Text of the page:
A friend of mine just brought me this old rack-mount chassis containing two " half height floppy drives. It turned out to be much nicer than just a box with a couple of floppy drives inside: It also contains a 7-slot S-100 bus backplane! So, now this begins my quest to acquire a set of S-100 cards to turn this back into a working computer.
The floppy drives are Mitsubishi M2896-63-02U double-sided drives, which I am told are a very nice model. The haul also included another spare drive. Maybe I’ll turn it into my main 8″ imaging drive? The heads are much easier to access for cleaning than in my Tandon half height " drives.
The backplane power harness is missing, and some wiring is disconnected in the power supply. I will need to examine it carefully to determine the condition of the power supply before I try applying power.
I’m told that this chassis was originally part of a hard disk drive servo writing system. It would have been nice to see the intact system, but it was gutted for parts a long time ago. The chassis also came with a very nice set of rack slides.
I don’t know how I’ll eventually outfit this chassis, but while researching S-100 board options, another collector just happened to announce a few SOL-20 computer systems for sale. And to top it off, he was just about to leave on a trip down the west coast, driving very close to me on the way! In case you’re not familiar with the SOL-20, it’s another S-100 based computer system, but with a built in keyboard and a video card. So, the SOL-20 does not require a separate dumb terminal like most S-100 systems do.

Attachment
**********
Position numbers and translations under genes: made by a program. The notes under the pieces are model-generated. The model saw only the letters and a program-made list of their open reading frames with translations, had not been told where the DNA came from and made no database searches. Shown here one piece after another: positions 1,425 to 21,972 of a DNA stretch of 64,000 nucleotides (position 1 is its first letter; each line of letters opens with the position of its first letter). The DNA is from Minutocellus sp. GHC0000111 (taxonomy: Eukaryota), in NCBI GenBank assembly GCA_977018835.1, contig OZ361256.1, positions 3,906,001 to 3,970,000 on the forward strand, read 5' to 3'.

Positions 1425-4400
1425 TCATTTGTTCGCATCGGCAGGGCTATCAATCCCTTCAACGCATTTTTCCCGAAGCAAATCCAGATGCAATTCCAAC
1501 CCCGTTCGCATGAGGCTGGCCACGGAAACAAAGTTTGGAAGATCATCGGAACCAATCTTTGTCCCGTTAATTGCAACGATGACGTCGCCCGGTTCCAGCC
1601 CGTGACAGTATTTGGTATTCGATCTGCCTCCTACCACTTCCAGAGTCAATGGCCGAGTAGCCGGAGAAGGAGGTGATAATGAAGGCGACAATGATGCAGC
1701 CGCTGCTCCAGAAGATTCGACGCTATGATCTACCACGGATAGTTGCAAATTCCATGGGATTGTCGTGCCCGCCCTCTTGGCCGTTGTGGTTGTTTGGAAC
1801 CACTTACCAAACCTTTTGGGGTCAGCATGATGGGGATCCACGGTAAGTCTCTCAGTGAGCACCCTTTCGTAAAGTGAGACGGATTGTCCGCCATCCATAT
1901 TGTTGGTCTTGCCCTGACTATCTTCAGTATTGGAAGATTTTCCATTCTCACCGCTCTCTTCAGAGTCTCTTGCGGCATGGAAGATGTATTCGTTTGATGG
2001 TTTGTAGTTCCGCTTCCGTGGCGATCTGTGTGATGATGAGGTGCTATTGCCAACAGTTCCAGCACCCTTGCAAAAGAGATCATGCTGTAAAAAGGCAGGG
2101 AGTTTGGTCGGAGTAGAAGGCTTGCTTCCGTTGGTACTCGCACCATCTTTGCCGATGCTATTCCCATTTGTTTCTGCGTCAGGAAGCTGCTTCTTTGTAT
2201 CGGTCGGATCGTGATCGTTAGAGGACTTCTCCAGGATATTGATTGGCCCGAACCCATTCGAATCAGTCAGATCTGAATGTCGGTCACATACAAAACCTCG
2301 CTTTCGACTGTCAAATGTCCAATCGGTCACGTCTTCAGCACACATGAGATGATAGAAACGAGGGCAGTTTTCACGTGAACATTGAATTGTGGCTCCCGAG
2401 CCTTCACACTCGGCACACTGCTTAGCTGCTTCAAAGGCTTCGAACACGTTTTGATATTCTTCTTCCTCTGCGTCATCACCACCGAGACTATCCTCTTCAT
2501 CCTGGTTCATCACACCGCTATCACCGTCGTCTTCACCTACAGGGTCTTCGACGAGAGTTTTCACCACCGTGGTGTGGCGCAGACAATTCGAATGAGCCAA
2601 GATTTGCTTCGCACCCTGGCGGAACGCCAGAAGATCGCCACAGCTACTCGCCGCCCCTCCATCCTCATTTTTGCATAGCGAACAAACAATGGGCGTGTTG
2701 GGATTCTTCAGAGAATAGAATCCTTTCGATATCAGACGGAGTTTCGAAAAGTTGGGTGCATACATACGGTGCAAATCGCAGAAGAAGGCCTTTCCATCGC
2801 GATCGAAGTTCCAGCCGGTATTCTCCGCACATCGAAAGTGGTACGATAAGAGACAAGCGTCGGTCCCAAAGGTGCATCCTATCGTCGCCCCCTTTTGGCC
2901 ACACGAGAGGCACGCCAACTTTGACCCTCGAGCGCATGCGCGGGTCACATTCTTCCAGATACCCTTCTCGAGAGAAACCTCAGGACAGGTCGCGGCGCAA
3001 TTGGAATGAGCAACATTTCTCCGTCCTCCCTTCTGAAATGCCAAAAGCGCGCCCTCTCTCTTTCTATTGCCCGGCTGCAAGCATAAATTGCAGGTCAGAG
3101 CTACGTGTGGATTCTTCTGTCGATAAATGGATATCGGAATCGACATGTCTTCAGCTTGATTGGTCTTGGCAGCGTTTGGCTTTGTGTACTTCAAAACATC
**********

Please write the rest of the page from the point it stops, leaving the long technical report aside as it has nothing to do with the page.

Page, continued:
After some haggling, we agreed on a price for a nice SOL-20 system with two external floppy drives and some software on cassette, which should arrive in my county in about a week. It’s not going to be a cheap purchase, but how often does a SOL-20 show up with free delivery? So now I still need to identify and procure a nice board set to turn my new S-100 chassis back into a computer, and I also would like to find a nice monitor to sit on top of the SOL-20. Wish me luck!
If you don’t already know about them, there’s a group of folks designing and selling new S-100 boards. They used to be called N8VEM, but are now retrobrewcomputers. Compared to buying old ones, you get much more reliable results, much lower cost, and better performance.
I did consider getting one of the cool new S-100 card designs. But I ended up getting a pretty complete set of Compupro boards: CPU-Z, RAM 17, Disk 1, Interfacer 4, and System Support 1.